France’s Louis XIV, known as “The Sun King,” has long been an enigma. On the one hand, he was visionary, practical, and probably the greatest patron of the arts the world has ever known. On the other, he was ruthless, vain, susceptible to flattery, and inclined to make devastating mistakes.
Philip Mansel’s King of the World chronicles Louis’s seventy-two-year reign, the longest of any monarch in history, revealing how the young boy once described as kind, modest, and intelligent grew into the tyrannical despot who, obsessed with his own glory, ravaged much of Europe, savagely persecuted his Huguenot subjects, and taxed France into misery, starvation, and revolt.
Comprehensive and eminently readable, the book is enlivened by surprising facts about Louis, including how his voracious appetite in infancy (he is reported to have thoroughly exhausted eight wet nurses) foreshadowed his cult of self-glorification. And it lays the cause of the French Revolution to his having left behind a faulty financial system that prioritized palace building and continual warfare over the needs of French citizens. Among his gravest errors, Louis’s 1685 revocation of the Edict of Nantes, which had granted rights of worship to the Huguenots, caused severe social and economic consequences, as French Protestants fled massive killing and destruction to bring their skills and work ethic to neighboring countries.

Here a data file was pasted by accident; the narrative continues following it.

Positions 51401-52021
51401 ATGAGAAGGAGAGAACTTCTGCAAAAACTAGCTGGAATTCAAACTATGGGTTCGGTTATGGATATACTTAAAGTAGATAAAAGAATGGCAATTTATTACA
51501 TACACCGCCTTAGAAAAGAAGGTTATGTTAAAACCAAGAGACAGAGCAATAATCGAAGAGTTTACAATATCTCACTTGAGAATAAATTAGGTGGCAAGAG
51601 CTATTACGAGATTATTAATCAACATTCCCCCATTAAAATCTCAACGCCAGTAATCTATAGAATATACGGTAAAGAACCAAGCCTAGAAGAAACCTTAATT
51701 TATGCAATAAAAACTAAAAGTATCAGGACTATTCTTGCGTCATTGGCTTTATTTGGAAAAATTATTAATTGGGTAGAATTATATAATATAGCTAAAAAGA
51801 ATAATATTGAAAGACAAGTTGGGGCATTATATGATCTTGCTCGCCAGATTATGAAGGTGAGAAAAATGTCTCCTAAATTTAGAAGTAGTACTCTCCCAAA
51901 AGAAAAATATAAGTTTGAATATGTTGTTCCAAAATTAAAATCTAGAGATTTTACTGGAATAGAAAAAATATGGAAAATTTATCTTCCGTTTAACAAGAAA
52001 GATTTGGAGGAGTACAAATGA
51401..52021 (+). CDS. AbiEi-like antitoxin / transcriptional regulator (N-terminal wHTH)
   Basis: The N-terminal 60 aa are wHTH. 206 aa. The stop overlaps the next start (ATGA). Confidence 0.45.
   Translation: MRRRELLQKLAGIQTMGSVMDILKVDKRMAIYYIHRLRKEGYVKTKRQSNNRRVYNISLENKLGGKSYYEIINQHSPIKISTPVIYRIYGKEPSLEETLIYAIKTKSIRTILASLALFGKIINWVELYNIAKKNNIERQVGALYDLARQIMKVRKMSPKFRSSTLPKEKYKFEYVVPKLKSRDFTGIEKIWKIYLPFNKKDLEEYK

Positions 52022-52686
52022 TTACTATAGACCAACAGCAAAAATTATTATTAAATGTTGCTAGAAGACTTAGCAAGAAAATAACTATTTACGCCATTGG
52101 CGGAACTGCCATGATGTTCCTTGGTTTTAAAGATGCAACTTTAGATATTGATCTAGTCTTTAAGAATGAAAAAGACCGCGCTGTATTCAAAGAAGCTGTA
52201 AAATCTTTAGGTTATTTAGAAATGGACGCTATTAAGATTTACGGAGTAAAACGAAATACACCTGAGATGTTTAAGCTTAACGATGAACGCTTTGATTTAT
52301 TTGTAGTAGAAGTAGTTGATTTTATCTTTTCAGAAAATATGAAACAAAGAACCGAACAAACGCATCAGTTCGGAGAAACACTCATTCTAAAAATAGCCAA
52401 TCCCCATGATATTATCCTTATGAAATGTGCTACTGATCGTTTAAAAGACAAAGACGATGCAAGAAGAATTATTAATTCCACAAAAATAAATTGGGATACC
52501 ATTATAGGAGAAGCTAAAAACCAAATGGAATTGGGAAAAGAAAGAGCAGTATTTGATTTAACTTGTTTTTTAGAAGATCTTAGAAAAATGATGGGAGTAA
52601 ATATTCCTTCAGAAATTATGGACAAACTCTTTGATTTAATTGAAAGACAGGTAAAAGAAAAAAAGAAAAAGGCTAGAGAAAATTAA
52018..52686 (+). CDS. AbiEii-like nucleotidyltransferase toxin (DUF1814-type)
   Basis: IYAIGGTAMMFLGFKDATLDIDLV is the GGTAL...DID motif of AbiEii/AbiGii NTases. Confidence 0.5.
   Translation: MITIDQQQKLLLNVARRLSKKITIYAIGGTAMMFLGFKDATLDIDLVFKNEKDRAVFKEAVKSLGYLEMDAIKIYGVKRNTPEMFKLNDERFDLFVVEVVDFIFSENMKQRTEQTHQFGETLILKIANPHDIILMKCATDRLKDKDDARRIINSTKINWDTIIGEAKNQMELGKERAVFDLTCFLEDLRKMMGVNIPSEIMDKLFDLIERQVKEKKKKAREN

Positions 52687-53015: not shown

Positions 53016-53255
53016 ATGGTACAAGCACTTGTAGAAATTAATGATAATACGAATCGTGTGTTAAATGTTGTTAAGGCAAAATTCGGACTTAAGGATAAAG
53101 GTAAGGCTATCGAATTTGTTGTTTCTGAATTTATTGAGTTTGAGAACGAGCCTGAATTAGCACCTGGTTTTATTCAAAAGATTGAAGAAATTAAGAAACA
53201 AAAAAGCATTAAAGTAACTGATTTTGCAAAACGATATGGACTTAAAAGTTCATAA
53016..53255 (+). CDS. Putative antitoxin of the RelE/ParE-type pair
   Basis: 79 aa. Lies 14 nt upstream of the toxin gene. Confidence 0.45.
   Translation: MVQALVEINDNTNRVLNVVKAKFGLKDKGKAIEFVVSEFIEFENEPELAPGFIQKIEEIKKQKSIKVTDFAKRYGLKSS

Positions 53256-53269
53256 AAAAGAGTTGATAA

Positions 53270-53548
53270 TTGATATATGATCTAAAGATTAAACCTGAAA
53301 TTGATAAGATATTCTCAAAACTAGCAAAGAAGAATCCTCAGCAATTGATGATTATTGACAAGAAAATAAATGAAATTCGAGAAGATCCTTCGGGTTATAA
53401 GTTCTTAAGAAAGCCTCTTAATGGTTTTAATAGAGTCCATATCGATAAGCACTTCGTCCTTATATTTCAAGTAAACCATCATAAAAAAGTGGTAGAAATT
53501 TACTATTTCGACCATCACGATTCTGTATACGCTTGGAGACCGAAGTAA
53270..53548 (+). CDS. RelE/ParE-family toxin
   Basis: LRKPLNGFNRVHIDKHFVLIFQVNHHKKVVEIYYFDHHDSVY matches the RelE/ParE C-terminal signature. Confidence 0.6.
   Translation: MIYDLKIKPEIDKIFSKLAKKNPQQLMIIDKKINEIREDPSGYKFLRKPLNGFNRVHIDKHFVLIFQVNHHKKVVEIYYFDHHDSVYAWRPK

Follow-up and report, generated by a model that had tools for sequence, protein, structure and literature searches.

Enhanced by lavish, full-color illustrations and meticulous notes and references regarding France’s turbulent history and the lifestyle of its royal court, Mansel’s book reveals both the glory and depravity of Louis XIV’s reign. Despite his lofty goals to expand the borders of France “from the Mississippi to the Mekong” and become the ruler of worldwide Christendom, it is now only his most opulent creation, the Palace of Versailles, that reflects the glory of the man who wanted to be “king of the world.”
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